In Los Angeles, Vromage reigns supreme, supplying a ton of interested parties, vegan and non-vegan alike, with quality nut cheeses. I stopped by one morning to chat with the very friendly owner, Youssef, and taste a hefty doling of samples, from mild to sharp.
With elevated consumer tastes creating market shifts, plant based cheese is hot. All folks cheese-related, dairy and non-dairy, have their eye on Youssef. He’s a true craftsman of his trade, admitting to eating dairy solely for the purpose of product research. How else can he create a vegan cheese that will be accepted by a non-vegan, he asks. Perhaps when he perfects his varieties, he’ll never look back. And perhaps his customers, who encompass a wide range of eating ethos, will not either.
I got the Asiago and a variety of Gouda, two of my favorite sampled bites. I am hoping that they last enough to enjoy back in New York as we didn’t have the time or wine to enjoy them in California. I’ll just be poolside blogging until then.
The Pacific Northwest is heavy. Such things I forget.
Having no appetite (!) I barely nibbled on the Mighty Mofo at Chaco Canyon Cafe, A vegan Reuben sandwich with housemade seitan, sauerkraut, mustard, cucumbers & sprouts, served on a soft sourdough. And sprouts.
In Seattle, wherever you are, it’s grey. Except when it’s glorious. But not today.
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The West Coast Donut Showdown:
The West Coast of the USA consists of 3 states: Washington, Oregon and California. In the past few couple of days, I’ve had vegan donuts in all of them. Here is a comparison:
Mighty O is Seattle has long been etched in my mind as the first all-vegan donut operation. Not those O-shaped packaged treats that I would see in the early health food stores that were dense, dry cakes sharing no characteristics with true donuts. These were real-deal from the start and they blew the vegan option doors wide open. They opened in 2003, though I didn’t try them until 2008. I watched from afar, hoping someone was paying attention on the East Coast. Mighty O gets mad cred for their fantastic donuts… and they get my business every time I’m in Seattle.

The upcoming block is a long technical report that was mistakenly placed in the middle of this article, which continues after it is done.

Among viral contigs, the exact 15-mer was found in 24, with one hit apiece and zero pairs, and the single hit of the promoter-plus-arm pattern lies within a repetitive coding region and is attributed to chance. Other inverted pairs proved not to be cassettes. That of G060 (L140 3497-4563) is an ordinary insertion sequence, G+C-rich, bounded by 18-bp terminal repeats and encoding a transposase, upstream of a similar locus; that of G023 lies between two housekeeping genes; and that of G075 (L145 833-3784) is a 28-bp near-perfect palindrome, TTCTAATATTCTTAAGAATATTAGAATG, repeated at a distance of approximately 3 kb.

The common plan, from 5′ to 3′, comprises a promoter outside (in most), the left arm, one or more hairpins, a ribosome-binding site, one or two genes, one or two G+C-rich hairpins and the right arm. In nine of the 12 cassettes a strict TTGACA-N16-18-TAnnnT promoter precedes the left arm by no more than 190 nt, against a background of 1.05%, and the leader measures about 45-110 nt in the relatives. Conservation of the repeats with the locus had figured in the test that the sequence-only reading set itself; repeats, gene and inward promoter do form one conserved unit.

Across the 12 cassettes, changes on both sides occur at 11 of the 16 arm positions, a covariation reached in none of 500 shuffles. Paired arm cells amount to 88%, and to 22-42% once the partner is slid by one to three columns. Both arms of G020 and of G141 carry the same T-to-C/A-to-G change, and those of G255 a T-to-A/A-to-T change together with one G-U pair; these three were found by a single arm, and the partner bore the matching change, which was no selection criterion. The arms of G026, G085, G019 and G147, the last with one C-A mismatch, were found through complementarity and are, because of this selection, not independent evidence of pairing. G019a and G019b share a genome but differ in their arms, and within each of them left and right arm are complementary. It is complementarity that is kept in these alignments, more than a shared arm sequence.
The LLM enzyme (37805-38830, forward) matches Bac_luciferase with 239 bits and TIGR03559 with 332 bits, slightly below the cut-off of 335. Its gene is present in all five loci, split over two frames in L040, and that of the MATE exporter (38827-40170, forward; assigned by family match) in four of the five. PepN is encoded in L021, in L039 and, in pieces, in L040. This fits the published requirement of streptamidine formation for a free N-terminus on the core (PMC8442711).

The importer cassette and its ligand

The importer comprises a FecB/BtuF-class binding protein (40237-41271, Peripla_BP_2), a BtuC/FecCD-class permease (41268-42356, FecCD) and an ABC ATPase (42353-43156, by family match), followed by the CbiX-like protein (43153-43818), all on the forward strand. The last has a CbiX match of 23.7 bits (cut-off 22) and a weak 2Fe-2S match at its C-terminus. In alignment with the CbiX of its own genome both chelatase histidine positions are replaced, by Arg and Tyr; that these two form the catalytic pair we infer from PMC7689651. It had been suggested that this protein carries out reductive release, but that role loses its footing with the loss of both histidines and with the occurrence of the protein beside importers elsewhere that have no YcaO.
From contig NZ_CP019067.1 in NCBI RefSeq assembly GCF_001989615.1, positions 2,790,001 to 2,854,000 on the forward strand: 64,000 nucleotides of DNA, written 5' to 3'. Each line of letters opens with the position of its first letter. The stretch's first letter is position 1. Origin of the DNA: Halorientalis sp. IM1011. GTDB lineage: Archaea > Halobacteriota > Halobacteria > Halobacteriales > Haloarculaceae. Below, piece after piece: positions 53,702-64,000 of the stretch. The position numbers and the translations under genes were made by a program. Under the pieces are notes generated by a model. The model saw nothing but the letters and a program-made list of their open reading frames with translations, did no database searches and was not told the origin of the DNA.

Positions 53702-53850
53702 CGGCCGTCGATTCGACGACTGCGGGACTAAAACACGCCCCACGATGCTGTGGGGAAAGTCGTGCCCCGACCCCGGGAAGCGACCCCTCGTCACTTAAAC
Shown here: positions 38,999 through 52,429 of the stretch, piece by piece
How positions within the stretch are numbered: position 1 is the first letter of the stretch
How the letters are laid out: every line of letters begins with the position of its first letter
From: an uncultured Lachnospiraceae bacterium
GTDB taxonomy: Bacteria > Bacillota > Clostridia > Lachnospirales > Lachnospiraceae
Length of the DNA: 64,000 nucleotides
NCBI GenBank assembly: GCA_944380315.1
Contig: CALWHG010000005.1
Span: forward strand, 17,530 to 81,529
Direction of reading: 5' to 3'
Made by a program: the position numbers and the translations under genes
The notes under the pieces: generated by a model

So the West Coast contender is the Raspberry Riot, to the left. This is their delectable vanilla cake donut with a raspberry glaze. The cake donut is perfect at Mighty O. And the glaze, simple with real berry flavor. These are dignified donuts that check all the boxes. (On the right, a mini cinnamon sugar, because they remind me of childhood.)
Voodoo Doughnuts opened up around the same time, but I am not sure if they offered vegan donuts from the start. I mentioned “dignified” in my Mighty O rundown… These donuts are not about dignity; they’re about wackiness. They’re a “thing,” inventive and silly flavor combinations have created quite the allure. I wasn’t the only airline passenger carrying on a pink box from Voodoo. During peak times there are massive line-ups at their stores in Portland, so much that there are weaving gates to contain order. I have only ever gone at the crack of dawn, as I did today on the way to PDX.
And Voodoo’s berry contender: The Grape Ape doughnut, a raised yeast doughnut with vanilla frosting, grape dust and lavender sprinkles. This grape is all artificial, so take that real berries! Though it was a whimsical few bites, I couldn’t have much more than that. But its kitsch value certainly counts for something.
Now, did you feel a pain in your heart today? (evil laughter)